By Drew AIles
By Taylor Boylston
By Bree Davies
By Emerald O'Brien
By Gina Tron
By Jon Solomon
By Drew Ailes
"I think there's a certain amount of the Southern myth that's true," says Tom Maxwell, vocalist, guitarist and sax man for the hippest "hot jazz" revivalists going, North Carolina's Squirrel Nut Zippers. "And I think we're a Southern band in many ways."
How so? According to Maxwell, "We talk different, our jokes are different, and we make wordplay that people in other parts of the country don't make." To illustrate his point, he cites a lyric from "Got My Own Thing Now," the raucous, Dixieland-ish opener on the band's new Mammoth Records release, accurately titled Hot. During the tune, Zipper guitarist/trombonist/vocalist Jim Mathus sings, "Broke away somehow...," a phrase Maxwell describes as "an old calypso term. When somebody 'breaks away,' they can be sort of losing themselves--really dancing and getting out of themselves. Or they can break away in an emotional, spiritual sense, like when black church women 'get happy' and start jumping around. And it can also mean removing one's self from stultifying environments. You break away if you rise above that kind of hell."
For the past three years, the Zippers have done just that by embracing music identified with bygone greats such as Cab Calloway, Louis Jordan and Billie Holiday. Though this sound doesn't seem all that commercial on the surface, it's proven to have unexpected appeal for members of the music press and jitterbugging hepsters throughout the land. As a result, the Zippers--Katharine Whalen (vocals, banjo, ukulele), Ken Mosher (guitar, saxophone), Chris Phillips (drums), Je Widenhouse (trumpet) and new recruit Stu Cole (stand-up bass)--have found themselves walking in what folks below the Mason-Dixon line call "high cotton." For example, the combo had the opportunity a few weeks back to play an inaugural ball attended by one William Jefferson Clinton, President. As Maxwell remembers it, security for the event was mighty tight.
"They sequestered everyone," he notes, "and the Secret Service whisked everyone into these rooms for a lockdown. Just a couple people from each band got to go on stage and stand with the Clintons and the Gores while they did their thing." Mathus and Whalen were the Zippers who won stage honors, leaving their associates to fend for themselves. Several took refuge backstage near video monitors, but this vantage point didn't satisfy Maxwell. So he and some cohorts sought a better location. "When they walked through the lobby area, which was partitioned from our room by a big curtain, we peeked through the curtain," Maxwell reveals. "I saw the back of the president's head."
Back in 1993, when the Zippers concept began germinating, the view was considerably different. Mathus and Whalen had set up shop in an old farmhouse in a small, rural community outside Chapel Hill; there they painted, made puppets and indulged their jones for playing old-time jazz. Before long, the two were frying chicken and hosting potluck dinners for area musicians who'd accepted their invitation to drop in and enjoy some hospitality.
Mosher, Phillips and recently departed bassist Don Raleigh were among those who answered the call. They soon became regulars, as did Maxwell, a Chapel Hill rock-and-roller with an addiction to Fats Waller. From the start, Maxwell recalls, "it was just incredibly fun and liberating. The rock-and-roll thing had become almost a straitjacket, because your range of expression is profoundly limited. Here we could play songs in waltz time, or we could put a clarinet or Hawaiian guitar on there. We'd play a song, look at each other and laugh for a long time."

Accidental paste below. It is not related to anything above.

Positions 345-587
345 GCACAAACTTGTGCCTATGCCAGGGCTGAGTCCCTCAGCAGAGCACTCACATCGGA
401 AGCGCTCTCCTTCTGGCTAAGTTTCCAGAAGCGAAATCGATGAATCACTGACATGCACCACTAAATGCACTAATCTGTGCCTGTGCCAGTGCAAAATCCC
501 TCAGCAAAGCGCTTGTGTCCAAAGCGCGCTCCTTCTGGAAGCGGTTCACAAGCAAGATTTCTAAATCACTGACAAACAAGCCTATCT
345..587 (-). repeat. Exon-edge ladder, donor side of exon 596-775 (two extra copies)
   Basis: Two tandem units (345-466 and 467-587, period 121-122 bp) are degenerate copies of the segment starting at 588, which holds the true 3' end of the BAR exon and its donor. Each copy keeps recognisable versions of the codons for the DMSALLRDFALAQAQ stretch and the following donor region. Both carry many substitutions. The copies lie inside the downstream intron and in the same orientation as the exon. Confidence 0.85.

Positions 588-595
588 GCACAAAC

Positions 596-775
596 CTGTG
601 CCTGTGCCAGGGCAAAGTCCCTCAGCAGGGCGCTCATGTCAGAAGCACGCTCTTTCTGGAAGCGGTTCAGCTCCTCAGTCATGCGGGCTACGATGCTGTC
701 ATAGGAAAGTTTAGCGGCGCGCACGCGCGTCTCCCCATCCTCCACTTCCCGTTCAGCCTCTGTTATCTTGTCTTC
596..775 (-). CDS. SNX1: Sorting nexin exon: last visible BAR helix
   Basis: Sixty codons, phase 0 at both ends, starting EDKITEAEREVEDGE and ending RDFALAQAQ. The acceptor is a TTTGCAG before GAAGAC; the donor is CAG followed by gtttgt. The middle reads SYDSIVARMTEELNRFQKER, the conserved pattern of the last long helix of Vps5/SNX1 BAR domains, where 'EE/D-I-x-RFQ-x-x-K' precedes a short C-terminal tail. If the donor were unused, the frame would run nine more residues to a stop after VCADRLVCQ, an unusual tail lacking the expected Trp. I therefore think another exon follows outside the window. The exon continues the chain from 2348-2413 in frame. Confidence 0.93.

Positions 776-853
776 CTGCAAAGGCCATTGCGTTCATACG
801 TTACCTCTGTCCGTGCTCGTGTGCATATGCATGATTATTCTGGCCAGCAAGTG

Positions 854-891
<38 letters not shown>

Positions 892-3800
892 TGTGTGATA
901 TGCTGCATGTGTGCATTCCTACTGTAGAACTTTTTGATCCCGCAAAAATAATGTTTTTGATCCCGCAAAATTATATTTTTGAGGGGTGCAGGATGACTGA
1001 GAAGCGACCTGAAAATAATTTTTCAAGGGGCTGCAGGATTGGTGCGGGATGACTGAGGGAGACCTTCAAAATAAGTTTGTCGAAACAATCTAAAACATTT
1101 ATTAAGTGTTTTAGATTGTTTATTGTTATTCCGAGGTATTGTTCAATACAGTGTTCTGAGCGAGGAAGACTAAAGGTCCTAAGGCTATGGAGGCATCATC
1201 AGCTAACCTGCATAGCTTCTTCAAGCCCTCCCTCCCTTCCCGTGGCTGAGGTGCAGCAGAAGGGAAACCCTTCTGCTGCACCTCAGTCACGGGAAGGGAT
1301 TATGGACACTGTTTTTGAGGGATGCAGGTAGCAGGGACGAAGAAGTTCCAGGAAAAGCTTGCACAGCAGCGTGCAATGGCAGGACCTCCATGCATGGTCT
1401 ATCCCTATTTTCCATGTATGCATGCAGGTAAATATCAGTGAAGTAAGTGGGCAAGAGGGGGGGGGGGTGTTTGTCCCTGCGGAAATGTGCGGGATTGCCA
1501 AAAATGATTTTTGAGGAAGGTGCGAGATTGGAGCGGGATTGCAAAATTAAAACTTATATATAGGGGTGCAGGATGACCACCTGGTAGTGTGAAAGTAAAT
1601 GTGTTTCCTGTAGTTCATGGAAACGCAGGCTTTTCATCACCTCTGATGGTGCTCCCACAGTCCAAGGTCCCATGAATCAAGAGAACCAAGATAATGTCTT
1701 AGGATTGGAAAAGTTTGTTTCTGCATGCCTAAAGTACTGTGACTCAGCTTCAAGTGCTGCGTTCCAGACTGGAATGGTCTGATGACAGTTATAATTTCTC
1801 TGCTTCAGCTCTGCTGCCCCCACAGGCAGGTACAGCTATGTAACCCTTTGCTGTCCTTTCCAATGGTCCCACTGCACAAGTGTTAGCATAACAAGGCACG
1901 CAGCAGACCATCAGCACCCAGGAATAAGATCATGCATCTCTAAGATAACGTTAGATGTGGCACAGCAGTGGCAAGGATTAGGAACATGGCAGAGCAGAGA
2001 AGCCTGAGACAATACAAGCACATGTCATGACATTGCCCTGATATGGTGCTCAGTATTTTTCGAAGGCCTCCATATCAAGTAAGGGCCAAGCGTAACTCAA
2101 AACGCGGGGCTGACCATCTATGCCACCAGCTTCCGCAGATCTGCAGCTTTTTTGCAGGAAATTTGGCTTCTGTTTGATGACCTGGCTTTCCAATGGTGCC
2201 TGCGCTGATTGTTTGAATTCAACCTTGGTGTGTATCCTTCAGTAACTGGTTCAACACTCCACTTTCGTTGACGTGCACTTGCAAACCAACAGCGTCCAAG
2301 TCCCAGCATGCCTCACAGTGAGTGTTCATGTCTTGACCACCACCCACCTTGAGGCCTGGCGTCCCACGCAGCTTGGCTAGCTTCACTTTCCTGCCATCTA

The laid-back mood of the Zippers' jam sessions filtered into the music itself. "We don't write anything down--it's all head arrangements," Maxwell points out. "That was the difference between Motown and Stax. Stax/Volt was much more loose; they played much more ballsy, emotional music. Those guys just played a song, came up with their parts and cut it. They didn't have some guy writing charts that they sat and read."
As this comment implies, the Zippers enjoy swirling disparate styles, including blues and gospel, into the group's swinging concoction. "There's also a certain way that Harlem people play jazz and a certain way that New Orleans people play jazz," Maxwell notes. "And we adopt elements from all of them."
Such eclecticism doesn't generally endear a band to radio. So it's a genuine surprise that KROQ-FM in Los Angeles, widely regarded as the most influential modern-rock outlet in the country, has been spinning "Hell," the Zippers' latest single. "They've added us to their playlist, and now a bunch of other so-called alternative stations are playing us, following the alternative edict set in stone by KROQ," Maxwell remarks. "We've gone from being the darlings of college radio, who will now probably abandon us, to this new level of FM thing, which we're dealing with now."
Maxwell finds all of this rather humorous. "It's so amusing to be an alternative band when you're playing music that's so accessible and so pleasing and cross-generational--and that makes you a freak...Personally, I can't understand why they're playing this stuff. I'm glad, but it's so different from what they seem to want. It's calypso--they're playing calypso! Chew on that one, man."